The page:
Move over, Blair Witch.
Documentary films are often so fraught with stuffy self-importance they forget the first rule of filmmaking: Entertain the audience.
Searching for Tony Joe is an unabashed crowd-pleaser because it follows that rule to the letter. What's it about? Four guys go on a quest to find MIA "swamp rocker" Tony Joe White, a popular crooner in the 60s who had a couple of hits, plus wrote songs for Elvis Presley and other big names.
But this isn't really a movie about Tony Joe. It's a movie about the four guys and their often-clueless, always-hilarious road trip from Austin to Nashville, interviewing people along the way, a few of whom actually know who White is, but all of whom are curious or bizarre in their own way. By the time we actually meet Tony Joe himself, the audience is as thrilled as the crew is to meet this genuinely American character.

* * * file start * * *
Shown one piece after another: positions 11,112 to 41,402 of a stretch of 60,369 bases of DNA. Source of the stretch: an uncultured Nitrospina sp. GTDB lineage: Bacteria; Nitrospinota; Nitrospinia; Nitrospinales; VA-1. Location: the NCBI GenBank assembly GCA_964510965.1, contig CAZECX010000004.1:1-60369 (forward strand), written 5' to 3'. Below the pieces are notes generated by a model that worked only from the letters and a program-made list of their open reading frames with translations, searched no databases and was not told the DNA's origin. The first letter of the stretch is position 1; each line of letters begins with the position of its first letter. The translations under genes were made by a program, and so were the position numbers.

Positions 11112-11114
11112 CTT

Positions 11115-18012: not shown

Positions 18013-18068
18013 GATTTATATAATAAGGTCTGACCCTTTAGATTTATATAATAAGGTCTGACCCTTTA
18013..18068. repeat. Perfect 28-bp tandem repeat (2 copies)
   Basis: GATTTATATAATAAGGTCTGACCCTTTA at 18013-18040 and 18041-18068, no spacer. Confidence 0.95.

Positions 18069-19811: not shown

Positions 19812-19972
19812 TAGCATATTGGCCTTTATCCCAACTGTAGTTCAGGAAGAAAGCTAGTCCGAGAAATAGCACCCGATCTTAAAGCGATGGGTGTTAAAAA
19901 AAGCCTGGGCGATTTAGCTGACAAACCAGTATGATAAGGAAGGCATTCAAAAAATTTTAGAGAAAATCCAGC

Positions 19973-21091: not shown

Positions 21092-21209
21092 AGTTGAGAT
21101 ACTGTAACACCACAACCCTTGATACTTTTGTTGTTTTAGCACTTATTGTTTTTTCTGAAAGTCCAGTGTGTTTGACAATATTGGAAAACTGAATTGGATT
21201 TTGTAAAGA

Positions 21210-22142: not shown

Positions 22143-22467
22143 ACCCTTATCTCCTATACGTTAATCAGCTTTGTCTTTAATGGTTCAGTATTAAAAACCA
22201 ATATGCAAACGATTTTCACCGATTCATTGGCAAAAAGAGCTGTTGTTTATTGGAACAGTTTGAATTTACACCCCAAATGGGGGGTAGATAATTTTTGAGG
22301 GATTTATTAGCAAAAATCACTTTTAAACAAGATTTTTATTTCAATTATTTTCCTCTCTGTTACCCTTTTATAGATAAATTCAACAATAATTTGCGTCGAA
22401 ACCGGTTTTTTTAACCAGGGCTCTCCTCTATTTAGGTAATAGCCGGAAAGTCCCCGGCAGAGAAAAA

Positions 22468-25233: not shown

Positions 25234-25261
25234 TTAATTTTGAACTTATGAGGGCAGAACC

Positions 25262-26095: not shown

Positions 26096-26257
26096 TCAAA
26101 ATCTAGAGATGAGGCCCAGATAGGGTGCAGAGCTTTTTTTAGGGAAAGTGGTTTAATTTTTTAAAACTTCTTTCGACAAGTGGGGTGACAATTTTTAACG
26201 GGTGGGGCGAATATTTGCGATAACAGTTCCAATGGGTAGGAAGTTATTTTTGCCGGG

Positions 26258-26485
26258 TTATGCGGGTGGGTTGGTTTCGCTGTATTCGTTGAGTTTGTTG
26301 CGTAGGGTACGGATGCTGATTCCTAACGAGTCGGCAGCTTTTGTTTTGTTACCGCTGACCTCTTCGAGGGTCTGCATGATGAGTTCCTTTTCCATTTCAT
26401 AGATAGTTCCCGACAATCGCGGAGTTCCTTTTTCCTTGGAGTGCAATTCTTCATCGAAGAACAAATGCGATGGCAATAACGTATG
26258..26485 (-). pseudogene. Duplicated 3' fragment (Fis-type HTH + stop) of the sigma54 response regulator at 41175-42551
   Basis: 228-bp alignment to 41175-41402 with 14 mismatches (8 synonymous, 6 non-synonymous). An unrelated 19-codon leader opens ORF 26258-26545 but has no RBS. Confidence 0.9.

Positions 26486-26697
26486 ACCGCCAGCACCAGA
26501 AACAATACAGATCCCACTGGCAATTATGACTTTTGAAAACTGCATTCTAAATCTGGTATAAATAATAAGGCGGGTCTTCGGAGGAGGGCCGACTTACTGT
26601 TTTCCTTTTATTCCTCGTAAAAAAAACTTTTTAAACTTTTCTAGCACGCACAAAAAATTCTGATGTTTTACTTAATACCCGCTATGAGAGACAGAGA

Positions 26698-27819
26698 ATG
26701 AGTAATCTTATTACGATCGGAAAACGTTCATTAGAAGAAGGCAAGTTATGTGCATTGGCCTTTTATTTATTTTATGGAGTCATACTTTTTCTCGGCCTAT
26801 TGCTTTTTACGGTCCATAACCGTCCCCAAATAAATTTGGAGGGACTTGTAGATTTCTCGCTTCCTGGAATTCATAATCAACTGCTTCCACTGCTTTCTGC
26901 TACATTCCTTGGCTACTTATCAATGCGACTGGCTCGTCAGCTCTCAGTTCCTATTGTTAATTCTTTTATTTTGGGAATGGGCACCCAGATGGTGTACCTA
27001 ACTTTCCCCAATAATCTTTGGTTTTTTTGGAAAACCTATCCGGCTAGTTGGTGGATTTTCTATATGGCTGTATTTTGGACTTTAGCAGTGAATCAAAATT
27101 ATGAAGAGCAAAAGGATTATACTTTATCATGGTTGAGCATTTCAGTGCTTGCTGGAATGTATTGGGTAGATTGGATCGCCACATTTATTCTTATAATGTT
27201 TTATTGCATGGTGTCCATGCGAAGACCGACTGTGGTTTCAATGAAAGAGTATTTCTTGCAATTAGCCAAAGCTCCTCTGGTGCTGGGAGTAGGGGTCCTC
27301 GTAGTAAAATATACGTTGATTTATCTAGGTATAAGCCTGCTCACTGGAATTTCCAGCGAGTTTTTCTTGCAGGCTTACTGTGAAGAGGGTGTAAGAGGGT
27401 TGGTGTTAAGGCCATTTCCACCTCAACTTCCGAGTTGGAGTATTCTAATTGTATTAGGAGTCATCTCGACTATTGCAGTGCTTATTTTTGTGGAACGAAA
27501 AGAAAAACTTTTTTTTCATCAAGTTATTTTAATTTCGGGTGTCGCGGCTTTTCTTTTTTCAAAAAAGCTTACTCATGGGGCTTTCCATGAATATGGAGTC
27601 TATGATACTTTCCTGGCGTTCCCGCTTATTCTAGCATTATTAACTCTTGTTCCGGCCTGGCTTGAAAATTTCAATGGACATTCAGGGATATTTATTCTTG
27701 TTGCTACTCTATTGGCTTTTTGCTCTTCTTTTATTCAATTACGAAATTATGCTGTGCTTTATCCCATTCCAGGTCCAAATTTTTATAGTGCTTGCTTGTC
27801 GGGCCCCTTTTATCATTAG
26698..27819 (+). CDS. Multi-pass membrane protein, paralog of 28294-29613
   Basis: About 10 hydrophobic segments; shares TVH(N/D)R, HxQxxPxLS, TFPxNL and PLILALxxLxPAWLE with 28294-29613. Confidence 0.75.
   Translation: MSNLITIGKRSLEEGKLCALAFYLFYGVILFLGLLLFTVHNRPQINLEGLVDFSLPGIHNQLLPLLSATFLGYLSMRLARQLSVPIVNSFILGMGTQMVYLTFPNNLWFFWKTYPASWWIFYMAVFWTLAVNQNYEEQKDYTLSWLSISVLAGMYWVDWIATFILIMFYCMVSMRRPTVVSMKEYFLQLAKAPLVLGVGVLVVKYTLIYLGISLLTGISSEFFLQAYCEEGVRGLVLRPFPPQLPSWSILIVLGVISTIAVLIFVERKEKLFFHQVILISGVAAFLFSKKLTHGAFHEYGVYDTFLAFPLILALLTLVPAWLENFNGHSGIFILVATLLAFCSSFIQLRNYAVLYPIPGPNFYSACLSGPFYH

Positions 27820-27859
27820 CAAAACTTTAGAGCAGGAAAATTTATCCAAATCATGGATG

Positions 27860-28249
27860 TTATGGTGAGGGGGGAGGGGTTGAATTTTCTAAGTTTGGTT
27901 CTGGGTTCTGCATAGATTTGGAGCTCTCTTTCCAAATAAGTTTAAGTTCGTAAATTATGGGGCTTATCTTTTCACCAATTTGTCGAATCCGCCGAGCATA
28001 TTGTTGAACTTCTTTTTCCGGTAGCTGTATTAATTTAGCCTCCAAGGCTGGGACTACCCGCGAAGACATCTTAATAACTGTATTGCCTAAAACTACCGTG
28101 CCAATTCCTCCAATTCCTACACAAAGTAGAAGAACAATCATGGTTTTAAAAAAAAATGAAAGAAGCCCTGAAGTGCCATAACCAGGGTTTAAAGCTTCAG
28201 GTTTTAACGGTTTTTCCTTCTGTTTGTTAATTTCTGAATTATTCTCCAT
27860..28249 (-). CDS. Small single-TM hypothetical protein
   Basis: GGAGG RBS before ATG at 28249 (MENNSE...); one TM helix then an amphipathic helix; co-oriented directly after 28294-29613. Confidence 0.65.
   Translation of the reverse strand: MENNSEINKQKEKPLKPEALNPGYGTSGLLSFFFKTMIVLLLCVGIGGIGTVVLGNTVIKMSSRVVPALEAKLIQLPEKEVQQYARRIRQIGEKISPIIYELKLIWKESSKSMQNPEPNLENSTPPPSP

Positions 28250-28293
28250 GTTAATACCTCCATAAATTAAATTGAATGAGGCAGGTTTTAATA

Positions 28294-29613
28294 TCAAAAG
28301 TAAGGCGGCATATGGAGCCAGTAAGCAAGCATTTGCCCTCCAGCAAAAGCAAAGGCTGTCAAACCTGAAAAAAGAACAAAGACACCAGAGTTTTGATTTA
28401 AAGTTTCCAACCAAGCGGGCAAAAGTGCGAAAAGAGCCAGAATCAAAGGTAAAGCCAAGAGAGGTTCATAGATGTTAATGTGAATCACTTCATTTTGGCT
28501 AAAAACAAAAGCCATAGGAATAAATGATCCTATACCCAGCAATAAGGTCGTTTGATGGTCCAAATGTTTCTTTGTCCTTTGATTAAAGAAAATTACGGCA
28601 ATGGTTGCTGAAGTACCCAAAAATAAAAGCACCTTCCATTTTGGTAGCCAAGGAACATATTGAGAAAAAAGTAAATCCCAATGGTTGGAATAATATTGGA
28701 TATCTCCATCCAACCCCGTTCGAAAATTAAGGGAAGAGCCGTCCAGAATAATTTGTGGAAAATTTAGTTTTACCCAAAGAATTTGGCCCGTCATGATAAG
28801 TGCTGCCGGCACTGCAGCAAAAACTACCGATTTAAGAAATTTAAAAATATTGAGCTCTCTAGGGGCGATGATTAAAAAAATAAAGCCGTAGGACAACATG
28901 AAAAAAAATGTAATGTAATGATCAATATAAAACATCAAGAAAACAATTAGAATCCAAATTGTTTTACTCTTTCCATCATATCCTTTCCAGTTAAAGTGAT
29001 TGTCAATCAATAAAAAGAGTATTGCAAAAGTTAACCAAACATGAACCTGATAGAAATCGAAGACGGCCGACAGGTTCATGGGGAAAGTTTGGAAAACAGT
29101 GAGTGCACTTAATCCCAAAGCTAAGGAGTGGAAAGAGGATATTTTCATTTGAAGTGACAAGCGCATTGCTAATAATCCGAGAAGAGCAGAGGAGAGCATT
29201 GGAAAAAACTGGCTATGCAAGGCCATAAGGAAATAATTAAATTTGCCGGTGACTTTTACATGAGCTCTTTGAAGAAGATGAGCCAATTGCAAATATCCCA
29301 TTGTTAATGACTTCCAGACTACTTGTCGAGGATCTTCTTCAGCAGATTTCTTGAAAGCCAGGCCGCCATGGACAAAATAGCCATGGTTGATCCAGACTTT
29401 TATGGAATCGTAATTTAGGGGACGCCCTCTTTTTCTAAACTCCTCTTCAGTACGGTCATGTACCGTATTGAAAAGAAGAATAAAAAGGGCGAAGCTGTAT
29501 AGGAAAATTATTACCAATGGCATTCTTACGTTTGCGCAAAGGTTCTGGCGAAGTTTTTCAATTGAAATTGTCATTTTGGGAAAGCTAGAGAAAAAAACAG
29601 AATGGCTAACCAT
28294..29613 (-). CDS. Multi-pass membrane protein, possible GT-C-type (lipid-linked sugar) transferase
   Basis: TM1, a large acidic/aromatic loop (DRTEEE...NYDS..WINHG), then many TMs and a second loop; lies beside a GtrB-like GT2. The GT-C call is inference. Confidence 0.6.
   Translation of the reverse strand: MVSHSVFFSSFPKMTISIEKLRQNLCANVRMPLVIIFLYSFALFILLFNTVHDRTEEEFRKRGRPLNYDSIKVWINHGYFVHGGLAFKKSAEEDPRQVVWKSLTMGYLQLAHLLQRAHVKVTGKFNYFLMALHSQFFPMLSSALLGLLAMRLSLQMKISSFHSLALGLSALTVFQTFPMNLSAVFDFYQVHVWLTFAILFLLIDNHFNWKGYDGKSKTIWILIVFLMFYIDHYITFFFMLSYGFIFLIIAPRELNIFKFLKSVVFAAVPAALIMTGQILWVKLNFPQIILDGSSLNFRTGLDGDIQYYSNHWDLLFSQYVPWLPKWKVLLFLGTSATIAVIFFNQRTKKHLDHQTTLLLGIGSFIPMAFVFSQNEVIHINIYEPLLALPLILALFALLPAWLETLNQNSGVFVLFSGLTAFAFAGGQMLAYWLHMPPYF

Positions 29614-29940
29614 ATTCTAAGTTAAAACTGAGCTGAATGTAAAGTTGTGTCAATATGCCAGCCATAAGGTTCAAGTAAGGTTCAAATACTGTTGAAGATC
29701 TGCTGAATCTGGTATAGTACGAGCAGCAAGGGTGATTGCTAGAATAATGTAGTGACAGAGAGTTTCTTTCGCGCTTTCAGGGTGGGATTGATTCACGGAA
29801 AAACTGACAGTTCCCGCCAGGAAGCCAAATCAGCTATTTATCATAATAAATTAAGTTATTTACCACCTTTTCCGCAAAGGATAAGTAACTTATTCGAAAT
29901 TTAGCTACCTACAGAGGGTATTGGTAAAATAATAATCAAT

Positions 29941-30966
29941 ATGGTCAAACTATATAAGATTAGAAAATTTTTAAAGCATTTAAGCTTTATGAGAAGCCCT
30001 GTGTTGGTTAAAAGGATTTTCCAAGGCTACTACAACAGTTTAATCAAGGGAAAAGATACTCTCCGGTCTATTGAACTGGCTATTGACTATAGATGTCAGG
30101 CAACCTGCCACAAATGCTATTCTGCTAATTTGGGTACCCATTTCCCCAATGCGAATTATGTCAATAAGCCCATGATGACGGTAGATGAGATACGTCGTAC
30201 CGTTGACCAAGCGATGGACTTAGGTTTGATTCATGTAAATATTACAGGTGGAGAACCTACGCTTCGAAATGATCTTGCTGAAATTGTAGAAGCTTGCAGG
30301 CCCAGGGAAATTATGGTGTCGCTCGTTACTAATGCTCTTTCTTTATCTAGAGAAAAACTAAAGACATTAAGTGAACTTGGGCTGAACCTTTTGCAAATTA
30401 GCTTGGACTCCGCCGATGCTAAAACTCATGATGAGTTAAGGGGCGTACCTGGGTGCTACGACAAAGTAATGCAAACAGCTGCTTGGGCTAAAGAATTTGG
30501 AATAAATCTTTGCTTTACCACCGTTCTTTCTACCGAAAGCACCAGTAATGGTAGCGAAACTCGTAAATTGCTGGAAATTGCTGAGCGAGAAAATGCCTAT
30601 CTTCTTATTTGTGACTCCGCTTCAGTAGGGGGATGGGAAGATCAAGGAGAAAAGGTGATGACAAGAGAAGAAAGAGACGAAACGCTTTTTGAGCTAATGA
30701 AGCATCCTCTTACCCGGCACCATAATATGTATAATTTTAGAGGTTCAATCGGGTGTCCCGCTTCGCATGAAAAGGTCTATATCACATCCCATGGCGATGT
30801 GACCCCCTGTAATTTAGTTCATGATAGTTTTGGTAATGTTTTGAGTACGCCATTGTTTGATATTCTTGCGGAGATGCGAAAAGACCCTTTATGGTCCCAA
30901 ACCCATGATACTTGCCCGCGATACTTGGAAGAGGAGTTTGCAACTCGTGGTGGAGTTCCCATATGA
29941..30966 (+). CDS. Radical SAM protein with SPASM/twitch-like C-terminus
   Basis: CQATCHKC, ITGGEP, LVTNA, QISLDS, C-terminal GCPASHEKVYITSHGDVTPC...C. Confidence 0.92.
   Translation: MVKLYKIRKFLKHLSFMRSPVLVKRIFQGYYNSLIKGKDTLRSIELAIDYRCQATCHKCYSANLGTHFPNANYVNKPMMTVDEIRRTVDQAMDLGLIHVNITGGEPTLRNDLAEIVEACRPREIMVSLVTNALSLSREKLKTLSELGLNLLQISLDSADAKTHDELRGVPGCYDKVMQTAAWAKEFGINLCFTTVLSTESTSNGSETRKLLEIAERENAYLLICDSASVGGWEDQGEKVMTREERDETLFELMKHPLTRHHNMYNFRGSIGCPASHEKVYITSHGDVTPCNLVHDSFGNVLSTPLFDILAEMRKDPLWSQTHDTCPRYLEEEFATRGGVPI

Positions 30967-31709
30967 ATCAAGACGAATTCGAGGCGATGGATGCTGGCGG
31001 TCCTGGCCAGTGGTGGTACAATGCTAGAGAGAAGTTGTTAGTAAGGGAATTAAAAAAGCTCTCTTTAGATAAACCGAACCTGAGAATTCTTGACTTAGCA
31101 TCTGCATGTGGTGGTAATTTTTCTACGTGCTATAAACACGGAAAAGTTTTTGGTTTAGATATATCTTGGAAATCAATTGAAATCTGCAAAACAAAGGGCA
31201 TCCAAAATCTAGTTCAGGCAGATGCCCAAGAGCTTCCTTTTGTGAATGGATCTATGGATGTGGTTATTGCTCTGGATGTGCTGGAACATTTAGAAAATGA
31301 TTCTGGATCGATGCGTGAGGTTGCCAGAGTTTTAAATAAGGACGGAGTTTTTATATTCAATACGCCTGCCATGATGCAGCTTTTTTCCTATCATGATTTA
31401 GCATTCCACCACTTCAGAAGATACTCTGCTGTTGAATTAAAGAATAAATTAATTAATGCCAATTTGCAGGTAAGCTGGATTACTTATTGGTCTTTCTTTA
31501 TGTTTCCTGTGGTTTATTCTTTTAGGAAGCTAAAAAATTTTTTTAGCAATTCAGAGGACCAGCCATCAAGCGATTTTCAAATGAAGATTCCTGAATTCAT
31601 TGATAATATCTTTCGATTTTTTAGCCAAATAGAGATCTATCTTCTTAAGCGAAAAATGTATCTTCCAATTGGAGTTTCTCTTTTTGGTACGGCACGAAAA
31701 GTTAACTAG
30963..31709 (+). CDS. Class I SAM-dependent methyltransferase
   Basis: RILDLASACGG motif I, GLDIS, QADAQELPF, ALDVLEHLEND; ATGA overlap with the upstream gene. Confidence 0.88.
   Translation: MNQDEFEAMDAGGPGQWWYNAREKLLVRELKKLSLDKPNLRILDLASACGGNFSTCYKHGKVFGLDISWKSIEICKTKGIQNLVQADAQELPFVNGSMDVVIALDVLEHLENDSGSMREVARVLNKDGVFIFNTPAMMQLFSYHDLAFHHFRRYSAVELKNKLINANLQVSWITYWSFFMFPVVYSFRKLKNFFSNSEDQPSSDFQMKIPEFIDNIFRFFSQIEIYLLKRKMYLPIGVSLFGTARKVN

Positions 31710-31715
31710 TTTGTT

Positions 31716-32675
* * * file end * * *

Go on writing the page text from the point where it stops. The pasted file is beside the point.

If you can catch Tony Joe at a festival near you, do so. It's barely over 60 minutes long, but it's hysterical the entire time and ranks as one of the funniest filmgoing experiences I've had this year. (The film is not in distribution partially due to copyright issues over Tony Joe's songs, included in the current version of the movie, so you can't buy a tape -- yet.)
Unlike the vapid and clueless Anthem, which had a couple of people on a road trip searching for "the real America" or some such nonsense, these guys are the real America.
[Full disclosure: Three of the four crew members are friends of mine, and I have a mention in the credits.]